What is the Rural and Northern Immigration Pilot?
The pilot helps smaller rural and northern communities attract and retain foreign skilled workers to meet their economic development and labour market needs.
The Rural and Northern Immigration Pilot is a community-driven program. It’s designed to spread the benefits of economic immigration to smaller communities by creating a path to permanent residence for skilled foreign workers who want to work and live in 1 of the participating communities.
Government of Canada partnering with these communities to test new approaches to:
- use immigration to help meet local labour market needs and support regional economic development
- create welcoming environments to support new immigrants staying in rural communities
This pilot will help increase long-term retention of skilled newcomers to rural areas by working with:
- community-based partners
- other federal government partners
- provincial and territorial governments
Permanent resident applications
It will begin accepting applications from eligible candidates in the fall of 2019.
The Canadian Government is planning to have the hand to hand coordination with local communities. The pilot program has been launching with specific goals like
- Meet the need of local labor market.
- Regional economic development through immigration.
- Promote rural areas among immigrants to achieve permanent residency.
- Develop an infrastructure to support upcoming migrants to settle them into new environment.
The Rural and Northern Immigration Pilot is been inherited from the successful Atlantic Immigration Pilot Program. AIPP has been launched in March 2017 and since then this program helps a lot to bring skilled migrants in the Atlantic province like New Brunswick, Newfoundland and Labrador, Nova Scotia and Prince Edward Island. According to the program each province can nominate 2500 individuals to fulfill the skill shortage. Due the program new entrepreneurs have started their business which generate good demand of jobs in the area which was economically underdeveloped previously.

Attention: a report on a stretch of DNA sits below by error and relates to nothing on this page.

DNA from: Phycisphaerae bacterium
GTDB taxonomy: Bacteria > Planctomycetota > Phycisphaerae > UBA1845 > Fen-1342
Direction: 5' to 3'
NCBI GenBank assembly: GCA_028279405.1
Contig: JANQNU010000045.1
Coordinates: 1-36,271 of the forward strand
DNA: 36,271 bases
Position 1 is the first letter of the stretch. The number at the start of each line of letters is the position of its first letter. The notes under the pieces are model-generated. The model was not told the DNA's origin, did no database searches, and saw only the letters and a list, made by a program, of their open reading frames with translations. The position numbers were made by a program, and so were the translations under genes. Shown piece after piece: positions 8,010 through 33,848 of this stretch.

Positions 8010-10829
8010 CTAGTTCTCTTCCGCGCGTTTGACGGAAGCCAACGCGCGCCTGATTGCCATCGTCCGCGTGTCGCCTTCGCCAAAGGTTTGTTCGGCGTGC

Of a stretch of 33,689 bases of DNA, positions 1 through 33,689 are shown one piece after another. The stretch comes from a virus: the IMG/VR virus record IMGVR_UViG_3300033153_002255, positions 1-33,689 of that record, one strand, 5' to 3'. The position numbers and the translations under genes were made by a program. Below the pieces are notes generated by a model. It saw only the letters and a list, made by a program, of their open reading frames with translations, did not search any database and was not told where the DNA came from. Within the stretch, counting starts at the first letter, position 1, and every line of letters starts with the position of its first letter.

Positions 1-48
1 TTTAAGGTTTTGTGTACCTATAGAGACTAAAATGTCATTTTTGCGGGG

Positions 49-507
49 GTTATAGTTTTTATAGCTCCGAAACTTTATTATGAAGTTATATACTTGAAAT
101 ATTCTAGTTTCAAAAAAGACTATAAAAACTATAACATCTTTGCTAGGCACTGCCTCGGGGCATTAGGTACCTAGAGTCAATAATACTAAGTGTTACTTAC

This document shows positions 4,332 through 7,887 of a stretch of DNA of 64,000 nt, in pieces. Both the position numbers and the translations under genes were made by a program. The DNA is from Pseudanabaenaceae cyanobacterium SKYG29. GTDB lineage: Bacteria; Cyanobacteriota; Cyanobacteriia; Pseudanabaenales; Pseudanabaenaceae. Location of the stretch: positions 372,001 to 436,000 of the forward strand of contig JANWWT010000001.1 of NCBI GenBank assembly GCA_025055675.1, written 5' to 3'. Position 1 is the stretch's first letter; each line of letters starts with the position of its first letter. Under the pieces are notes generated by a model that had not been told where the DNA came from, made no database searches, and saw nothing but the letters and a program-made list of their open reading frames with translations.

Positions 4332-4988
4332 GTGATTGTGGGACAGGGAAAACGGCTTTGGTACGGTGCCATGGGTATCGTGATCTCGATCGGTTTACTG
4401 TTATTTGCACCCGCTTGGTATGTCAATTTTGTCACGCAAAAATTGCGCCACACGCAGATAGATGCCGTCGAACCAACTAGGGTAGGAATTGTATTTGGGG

The IRCC has given timeline to interested communities to file their nomination till March 2019 for the program. The communities were looking for the application are in Ontario, Western Canada, all the territories and all the provinces except Quebec and Atlantic Provinces.
As per the guideline of IRCC, northern and rural communities with communities with 50,000 or lesser people or those places which are considered as remote cities by the Canadian Statistics can only be the part of the program. The nominated communities must have to prepare with the plan and do the partnership with economic development organization for the upcoming migrants.
A POSITIVE SIGN
The areas like Northern Ontario, some rural and northern areas of the country need be more developed to bring the economic and social benefits to the migrants for the migrants and from the migrants. On the other hand, natives and residential also need to feel comfortable that the upcoming migrants will be there to contribute to the region’s economy not to steal the opportunities.
All in all, the government has the positive stance toward the immigration with the economic growth-oriented goal for all Canadians.
As a candidate, you need to find a job with an employer in 1 of the participating communities.
11 communities named under IRCC’s Rural and Northern Immigration Pilot Communities in Ontario and Canada’s Western provinces will serve as blueprint for rest of country
The Government of Canada has named 11 Canadian communities that have been selected to take part in its new Rural and Northern Immigration Pilot.
The pilot is designed to help smaller rural and remote communities attract foreign workers of various skill levels and provide them with permanent residence.
Canada’s rural communities employ over four million Canadians and account for almost 30 per cent of the national GDP, according to figures provided by Immigration, Refugees and Citizenship Canada (IRCC).
The pilot’s goal is to help these communities counter labour market shortages caused by declining birth rates, rising retirement rates and the out-migration of youth to more populated areas of Canada.
The 11 communities named on June 14 are located in Ontario, Manitoba, Saskatchewan, Alberta and British Columbia.
- Thunder Bay
- Sault Ste. Marie
- North Bay
- Gretna-Rhineland-Altona-Plum Coulee
- Moose Jaw
- West Kootenay
IRCC said the 11 communities were selected based on their economic needs and the presence of resources and community partners required to administer the pilot, and will serve as “a blueprint for the rest of the country.”
Each community will work with a local economic development organization to recruit and assess immigration candidates based on local economic needs and job openings and endorse the selected candidates for permanent residence.
The communities selected could be in a position to begin identifying immigration candidates as early as this fall and those selected are expected to begin arriving in Canada 2020.
IRCC said the federal criteria outlining who will be eligible to apply to the pilot will be made available later in 2019.